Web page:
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Taliban fire in air to disperse protesters, arrest reporters

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KABUL, Afghanistan (AP) — The Taliban fired into the air Tuesday to disperse protesters and arrested several journalists, the second time in less than a week the group used heavy-handed tactics to break up a demonstration in the Afghan capital of Kabul.

The demonstrators had gathered outside the Pakistan Embassy to accuse Islamabad of aiding the Taliban’s assault on northern Panjshir province. The Taliban said Monday they seized the province — the last not in their control — after their blitz through Afghanistan last month.

Afghanistan’s previous government routinely accused Pakistan of aiding the Taliban, a charge Islamabad has denied. Former vice president Amrullah Saleh, one of the leaders of the anti-Taliban forces, has long been an outspoken critic of neighboring Pakistan.

Dozens of women were among the protesters Tuesday. Some of them carried signs bemoaning the killing of their sons by Taliban fighters they say were aided by Pakistan. One sign read: “I am a mother when you kill my son you kill a part of me.”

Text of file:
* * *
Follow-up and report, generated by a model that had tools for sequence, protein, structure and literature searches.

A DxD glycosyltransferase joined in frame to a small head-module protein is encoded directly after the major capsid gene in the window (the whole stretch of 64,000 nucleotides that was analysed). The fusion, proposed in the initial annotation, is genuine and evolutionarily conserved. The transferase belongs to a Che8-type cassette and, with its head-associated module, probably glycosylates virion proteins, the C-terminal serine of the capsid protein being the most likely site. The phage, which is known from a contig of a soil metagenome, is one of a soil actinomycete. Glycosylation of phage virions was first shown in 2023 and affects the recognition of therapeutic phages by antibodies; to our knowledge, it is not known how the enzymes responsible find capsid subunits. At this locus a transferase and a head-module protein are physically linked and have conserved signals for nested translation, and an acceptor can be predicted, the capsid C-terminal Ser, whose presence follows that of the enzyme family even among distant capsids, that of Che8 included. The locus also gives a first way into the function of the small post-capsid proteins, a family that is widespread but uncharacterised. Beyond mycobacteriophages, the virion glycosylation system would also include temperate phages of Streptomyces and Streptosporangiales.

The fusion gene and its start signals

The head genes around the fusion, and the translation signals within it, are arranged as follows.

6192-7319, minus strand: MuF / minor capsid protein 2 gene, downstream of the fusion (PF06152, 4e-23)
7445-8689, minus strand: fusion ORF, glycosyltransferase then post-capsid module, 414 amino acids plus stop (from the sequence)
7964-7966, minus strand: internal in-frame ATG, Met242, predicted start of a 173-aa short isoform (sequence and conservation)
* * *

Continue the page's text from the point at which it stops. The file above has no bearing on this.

On Saturday, Taliban special forces troops in camouflage fired their weapons into the air to end a protest march in the capital by Afghan women demanding equal rights from the new rulers.

The Taliban again moved quickly and harshly to end Tuesday’s protest when it arrived near the presidential palace. They fired their weapons into the air and arrested several journalists covering the demonstration. In one case, Taliban waving Kalashnikov rifles took a microphone from a journalist and began beating him with it, breaking the microphone. The journalist was later handcuffed and detained for several hours.

“This is the third time i have been beaten by the Taliban covering protests,” he told The Associated Press on condition he not be identified because he was afraid of retaliation. “I won’t go again to cover a demonstration. It’s too difficult for me.”

A journalist from Afghanistan’s popular TOLO News was detained for three hours by the Taliban before being freed along with his equipment and the video of the demonstration still intact.

There was no immediate comment from the Taliban.

Meanwhile, in the northern city of Mazar-e-Sharif, four aircraft chartered to evacuate about 2,000 Afghans fleeing Taliban rule were still at the airport.